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Shark Tank Initiative: Combatting COVID-19, Part 4: The U.S. Isn’t S. Korea or Sweden

2019–20 coronavirus outbreak in Busan Date: 10 March 2020, 11:50:24 Source: http://www.busan.go.kr/pr/photobodo/ Author: Busan Metropolitan City

This is part 4 of a multi-article series about the Shark Tank collaborative involving NIH and BARDA, discussing differences between the U.S., S. Korea and Sweden.

Part 1 click here,

Part 2 click here

Part 3 click here

This segment of the series regarding the Shark Tank initiative deals with the often-cited examples of South Korea and Sweden. During his testimony, Dr Francis Collins of the NIH responded to the Senate Committee’s queries about South Korea and Sweden.

The U.S. Isn’t South Korea

During his questioning, Senator Tim Kaine (D-VA) discussed the fact that on March 3, South Korea had more deaths than the U.S. Yet, as of the date of the hearing, South Korea had just 256 deaths, while the U.S. had over eighty thousand. He asked why. Dr Collins commended South Korea, stating that they “did some amazing things”. He noted that they are a considerably smaller country than the U.S. Additionally, he explained, they figured out social distancing and testing with great rapidity. But, he noted, the U.S. is a “big sprawling country” which poses unique challenges,

“we now grieve to see what has happened with these deaths. We’re not through this, we are nowhere near through this. We’ve got to put everything we’ve got into preventing this from getting any worse which means testing and vaccines and it’s what I’m doing 24/7.”

Why South Korea Succeeded

Senator Mike Braun (R-IN) posed the question to Dr Collins as to the significance of South Korea’s strategy. He asked if it was a particular test they used, or whether the difference lies hygiene or distancing. Senator wondered if there is a test anyone else uses that the U.S. should also have access to. Dr Collins didn’t recall the exact details of South Korea’s diagnostic technology, but believes it was based on PCR, a process also used by the U.S.

Rather, it was the speed with which they ramped up testing, and strong enforcement of physical distancing. He noted that S. Korea is “a country that was quite amenable to those recommendations, not quite as much in the sort of American zone of not wanting government to tell you what to do.” In response to Senator Braun’s query as to which test matches most closely to tests performed in South Korea, Dr Collins replied that the ones seen in LabCorp and Quest, fairly high throughput tests completed in central laboratories.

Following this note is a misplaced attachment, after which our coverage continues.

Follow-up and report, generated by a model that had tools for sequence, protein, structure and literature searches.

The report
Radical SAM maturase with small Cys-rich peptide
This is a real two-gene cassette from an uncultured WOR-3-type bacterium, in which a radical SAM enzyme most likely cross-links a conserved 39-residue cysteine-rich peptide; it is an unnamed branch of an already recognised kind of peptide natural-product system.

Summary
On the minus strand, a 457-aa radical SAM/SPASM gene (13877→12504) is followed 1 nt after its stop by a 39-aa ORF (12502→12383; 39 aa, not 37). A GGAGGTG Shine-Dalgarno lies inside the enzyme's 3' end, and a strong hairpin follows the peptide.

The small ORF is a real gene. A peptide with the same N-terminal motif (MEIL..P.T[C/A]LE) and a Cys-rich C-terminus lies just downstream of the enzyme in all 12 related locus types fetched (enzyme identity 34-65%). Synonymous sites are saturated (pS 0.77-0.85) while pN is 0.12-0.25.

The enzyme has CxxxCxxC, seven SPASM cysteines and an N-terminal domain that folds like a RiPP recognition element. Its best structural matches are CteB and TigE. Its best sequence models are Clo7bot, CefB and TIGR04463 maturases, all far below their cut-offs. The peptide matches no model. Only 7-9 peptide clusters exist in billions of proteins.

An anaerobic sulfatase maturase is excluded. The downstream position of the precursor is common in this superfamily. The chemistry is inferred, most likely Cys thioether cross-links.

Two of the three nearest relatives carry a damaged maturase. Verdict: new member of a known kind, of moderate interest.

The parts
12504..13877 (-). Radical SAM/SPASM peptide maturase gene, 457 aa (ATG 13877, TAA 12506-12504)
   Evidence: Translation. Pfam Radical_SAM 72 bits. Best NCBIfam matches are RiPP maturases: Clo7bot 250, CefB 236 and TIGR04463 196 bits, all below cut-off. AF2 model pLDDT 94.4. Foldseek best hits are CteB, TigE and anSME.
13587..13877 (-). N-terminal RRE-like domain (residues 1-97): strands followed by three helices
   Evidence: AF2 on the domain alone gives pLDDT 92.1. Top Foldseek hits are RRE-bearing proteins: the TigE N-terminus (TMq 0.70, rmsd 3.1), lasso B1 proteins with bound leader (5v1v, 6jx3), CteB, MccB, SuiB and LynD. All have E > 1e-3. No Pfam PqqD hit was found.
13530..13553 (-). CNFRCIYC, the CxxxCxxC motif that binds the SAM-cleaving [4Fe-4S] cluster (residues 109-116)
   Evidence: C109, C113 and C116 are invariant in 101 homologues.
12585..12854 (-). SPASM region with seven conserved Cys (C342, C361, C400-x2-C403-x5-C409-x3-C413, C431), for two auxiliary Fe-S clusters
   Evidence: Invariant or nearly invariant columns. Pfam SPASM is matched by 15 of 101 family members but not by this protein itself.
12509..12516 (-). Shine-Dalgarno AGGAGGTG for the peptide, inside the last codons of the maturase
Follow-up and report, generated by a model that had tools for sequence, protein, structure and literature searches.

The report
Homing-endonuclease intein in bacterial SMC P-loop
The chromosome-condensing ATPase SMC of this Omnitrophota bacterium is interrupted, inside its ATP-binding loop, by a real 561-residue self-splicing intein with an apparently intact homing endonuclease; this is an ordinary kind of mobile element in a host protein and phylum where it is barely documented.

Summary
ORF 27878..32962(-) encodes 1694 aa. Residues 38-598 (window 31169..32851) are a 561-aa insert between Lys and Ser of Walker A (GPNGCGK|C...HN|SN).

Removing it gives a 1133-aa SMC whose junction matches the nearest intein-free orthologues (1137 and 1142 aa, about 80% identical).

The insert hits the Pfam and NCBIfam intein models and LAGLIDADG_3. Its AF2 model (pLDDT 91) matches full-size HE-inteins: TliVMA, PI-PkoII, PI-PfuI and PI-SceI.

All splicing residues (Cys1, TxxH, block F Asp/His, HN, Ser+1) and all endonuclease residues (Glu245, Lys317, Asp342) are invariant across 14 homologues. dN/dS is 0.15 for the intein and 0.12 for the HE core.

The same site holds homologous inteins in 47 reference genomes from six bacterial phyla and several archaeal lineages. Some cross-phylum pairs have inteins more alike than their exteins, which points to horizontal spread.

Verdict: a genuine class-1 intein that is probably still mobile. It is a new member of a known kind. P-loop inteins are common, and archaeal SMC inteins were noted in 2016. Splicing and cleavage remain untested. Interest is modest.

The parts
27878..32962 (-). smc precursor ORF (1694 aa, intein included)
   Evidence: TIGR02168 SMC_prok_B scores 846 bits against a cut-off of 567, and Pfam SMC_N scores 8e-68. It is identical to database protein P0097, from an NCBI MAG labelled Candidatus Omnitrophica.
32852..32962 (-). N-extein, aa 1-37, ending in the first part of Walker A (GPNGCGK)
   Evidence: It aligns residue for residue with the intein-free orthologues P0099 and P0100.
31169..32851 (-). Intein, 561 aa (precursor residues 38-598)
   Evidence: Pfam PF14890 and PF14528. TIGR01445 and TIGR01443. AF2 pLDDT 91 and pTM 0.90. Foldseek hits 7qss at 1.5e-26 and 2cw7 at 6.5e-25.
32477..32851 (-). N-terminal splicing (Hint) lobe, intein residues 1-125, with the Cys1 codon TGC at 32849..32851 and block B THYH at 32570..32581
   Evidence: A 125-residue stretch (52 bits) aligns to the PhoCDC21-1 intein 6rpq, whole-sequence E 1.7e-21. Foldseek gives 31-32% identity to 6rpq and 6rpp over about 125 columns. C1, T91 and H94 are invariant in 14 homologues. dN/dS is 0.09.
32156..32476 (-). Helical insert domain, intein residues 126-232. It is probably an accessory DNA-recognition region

We’re Not Sweden Either

Senator Braun finished his questioning with “the idea of broad methodology”. He questioned what would have happened had the U.S. followed Sweden’s example, where they are allowing “herd immunity” to develop. Could the U.S. have focused its available resources more strategically, creating an “iron dome” around the vulnerable. If so, could the U.S. have proceeded with a less severe response than the current one-size-fits-all approach. The one-size-fits-all approach seemed drastic to Senator Braun, given the minimal symptoms experienced by the majority infected.

Dr Collins contended that it would have to be a completely impenetrable dome. If one case of COVID-19 got in, easy spread from asymptomatic carriers would turn it into a nursing home situation. But, the country has a version of the iron dome, vulnerable are advised to stay home, keep physical distance and ensure those around them do the same. From his perspective, it’s a fairly successful enterprise as evidenced by the flattening of the curve happening in many places.

“That didn’t just happen because we got lucky, that happened because people went to considerable difficulties, and it did terrible damage to our economy, to try to save lives by this kind of sequestering of people so they couldn’t get fatal illnesses.”

The end goal is obvious to return to pre-pandemic normalcy – a world in which people don’t have to follow these guidelines anymore. That’s why the vaccine is so prominent in the minds of experts. Until a vaccine becomes available, testing, identifying and quarantining infected people are essential practices. But, according to Dr Collins, “It’s gotta be that mix. Don’t let anybody tell you if we just did one of those it would be alright, we have to do all three.”


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